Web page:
Yes, 0bama taught us that you can ignore the laws that you don't like or don't make you feeeeeel good.
 
2012-07-08 10:48:42 AM  
Pretty much this from the GOP. Can't imagine why.

Link
 
2012-07-08 10:49:15 AM  
YOU LOST. GET OVER IT.
 
2012-07-08 10:49:41 AM  

tenpoundsofcheese: Guidette Frankentits: ginandbacon: This is always my wall when it comes to states' rights. My gut tells me that there is something seriously wrong with AZ's immigration laws, or FL trying to drug test welfare recipients, so why am I okay with states overturning federal law when it comes to marijuana or cities providing safe haven to immigrants?

I guess I'm a hypocrite. I would like to think that I could tease out some kind of coherent and rational reasoning for my positions, but I think that would be a justification on my part for my biases.

It is, and I imagine will always be, one of the greatest sources of tension in our system

I think when it comes to denying something that is constitutionally granted, then yes, the federal government must get involved.
But when it's a state law that gives people something or permits people to do something and it doesn't hurt society or results in one group of people to becoming victims of the state's law, then I think the federal government needs to stay out.

Yes, 0bama taught us that you can ignore the laws that you don't like or don't make you feeeeeel good.


State government != Federal Government

You had more of an argument with the medical marijuana thing than you did with this derp.
 
2012-07-08 10:49:54 AM  
Dear GOP,

Continue this malarkey and Obama will have universal health care provided upon political affiliation.

It's done. Get over it.

Love,
Independent Voters
 
2012-07-08 10:50:23 AM  

Mrtraveler01: I can ask the same question as to why the GOP isn't joining in with the Dems today on THEIR OWN IDEA!


Because if Obama came out against cancer, the GOP would fight for the rights of cancer cells.

Oh and also FARK YOU, I GOT MINE.
 
2012-07-08 10:50:39 AM  

cman: /Believe it or not, I would have preferred single-payer universal healthcare over what we got.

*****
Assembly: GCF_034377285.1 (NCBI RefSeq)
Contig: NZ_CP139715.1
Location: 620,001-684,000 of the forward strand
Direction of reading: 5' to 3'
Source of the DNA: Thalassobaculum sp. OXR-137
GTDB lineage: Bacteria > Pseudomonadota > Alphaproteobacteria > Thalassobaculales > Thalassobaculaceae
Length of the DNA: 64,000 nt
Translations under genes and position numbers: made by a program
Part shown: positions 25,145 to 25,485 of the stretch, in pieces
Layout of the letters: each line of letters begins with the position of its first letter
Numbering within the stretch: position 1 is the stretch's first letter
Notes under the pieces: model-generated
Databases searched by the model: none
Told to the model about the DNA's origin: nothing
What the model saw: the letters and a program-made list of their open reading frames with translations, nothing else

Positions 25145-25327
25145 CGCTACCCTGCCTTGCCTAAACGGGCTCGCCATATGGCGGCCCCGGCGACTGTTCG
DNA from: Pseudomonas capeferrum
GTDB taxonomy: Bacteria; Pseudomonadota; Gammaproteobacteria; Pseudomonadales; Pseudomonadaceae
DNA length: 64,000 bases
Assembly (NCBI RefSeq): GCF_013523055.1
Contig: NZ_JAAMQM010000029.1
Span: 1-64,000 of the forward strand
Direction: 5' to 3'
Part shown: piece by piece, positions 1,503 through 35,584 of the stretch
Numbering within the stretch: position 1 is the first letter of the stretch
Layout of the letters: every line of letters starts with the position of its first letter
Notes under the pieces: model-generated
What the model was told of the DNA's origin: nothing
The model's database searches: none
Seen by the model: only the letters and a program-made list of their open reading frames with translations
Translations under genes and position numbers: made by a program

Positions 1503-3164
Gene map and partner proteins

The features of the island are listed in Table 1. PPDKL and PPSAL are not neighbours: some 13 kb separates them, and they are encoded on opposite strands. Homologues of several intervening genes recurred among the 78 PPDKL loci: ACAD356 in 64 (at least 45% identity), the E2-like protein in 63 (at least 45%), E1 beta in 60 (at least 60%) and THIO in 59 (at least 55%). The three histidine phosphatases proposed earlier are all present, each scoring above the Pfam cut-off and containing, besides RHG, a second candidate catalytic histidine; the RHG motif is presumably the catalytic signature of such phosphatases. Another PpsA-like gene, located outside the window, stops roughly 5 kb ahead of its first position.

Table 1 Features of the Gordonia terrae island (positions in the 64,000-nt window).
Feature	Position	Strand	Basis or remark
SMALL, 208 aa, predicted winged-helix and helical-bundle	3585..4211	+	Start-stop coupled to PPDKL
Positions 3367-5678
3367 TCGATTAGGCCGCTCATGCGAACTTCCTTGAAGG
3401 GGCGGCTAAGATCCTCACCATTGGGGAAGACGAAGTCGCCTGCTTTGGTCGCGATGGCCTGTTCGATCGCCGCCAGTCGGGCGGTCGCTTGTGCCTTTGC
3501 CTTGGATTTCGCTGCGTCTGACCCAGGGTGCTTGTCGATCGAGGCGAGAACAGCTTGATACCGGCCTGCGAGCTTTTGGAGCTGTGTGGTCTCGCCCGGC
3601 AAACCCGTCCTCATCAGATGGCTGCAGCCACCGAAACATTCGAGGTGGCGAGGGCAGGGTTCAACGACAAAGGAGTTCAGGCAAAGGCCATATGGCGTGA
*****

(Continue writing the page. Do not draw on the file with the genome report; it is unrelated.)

Honestly, so would the libs, myself included. But don't forget that by 2018, if a state has come up with a plan that provides better coverage to its residents than the Federal plan, they can apply for and get permission to go with their plan. This is similar to how universal health care came about in Canada - they were able to do it in 1940's Saskatchewan, where there really were just beavers and igloos and lumberjacks, and the rest of Canada looked and said, 'why can't we just do that here'?

The main problem with going straight to universal care would be all of the people thrown out of work and the investors left holding worthless stock in outdated companies. Insurance companies are actually a significant percentage of GDP, and effectively running them out of business overnight would do no small amount of harm to the economy as a whole. As Obama said in his interview with Jon Stewart back in 2010, "Baby steps, Jon."
 
2012-07-08 10:51:34 AM  

rjakobi: Dear GOP,

Continue this malarkey and Obama will have universal health care provided upon political affiliation.

It's done. Get over it.

Love,
Independent Voters


I know, most polls have shown that everyone except dyed-in-the-wool Republican voters are sick of this and just want to move on already.

And what does the GOP do? They keep farking the chicken that everyone keeps pleading the GOP to stop farking.
 
2012-07-08 10:51:40 AM  

tenpoundsofcheese:

Yes, 0bama taught us that you can ignore the laws that you don't like or don't make you feeeeeel good.


Actually, we learned that lesson from St. Reagan. Remember Iran-Contra? if laws get in your way, just route around 'em!

or did you think that people just forgot inconvenient historical facts?

And what's with this '0' stuff? I thought Republicans like yourself 'respected the office of the President of the United States of America' no matter who was in the big chair?
 
2012-07-08 10:51:51 AM  

NewportBarGuy: tenpoundsofcheese: How does 0bamacare make healthcare more affordable?

People can stay on their parent's plan at an affordable add-on rate rather than trying to pay for health care on their own at twice the cost or higher? That's making it more affordable.

Citation for twice the cost? There is a big difference in cost between a family plan and just the parents. Besides, are healthcare plans that expensive for an 18 year old?

Though, you do realize that this doesn't go into effect until 2014 and we won't be able to do cost analysis for a few years after, right? That's kind of how it works.
Great, so at least you admit that we don't know.

 
2012-07-08 10:52:07 AM  

cman: For me, however, it is about principle. Giving the federal government the power to force people to compel in commerce is pretty farking scary. Imagine what the GOP would do if they regain the Presidency; how will they abuse this?


As it turns out, no one is giving the government power to compel commerce. We levied a tax, and the government is offering a tax-deduction if we act in a certain manner. This is not new. I own a house as a way of building equity, knowing that I will not pay capitol gains on it when it comes time to move. Without that capitol gains exemption, I would probably be renting, and letting someone else deal with the roof. I Was not compelled to engage in a certain type of commerce. There is simply a select tax deduction making it in my economic interest to act in a certain manner.

It was sold in a dishonest manner, but at it's heart, it is Constitutionally solid.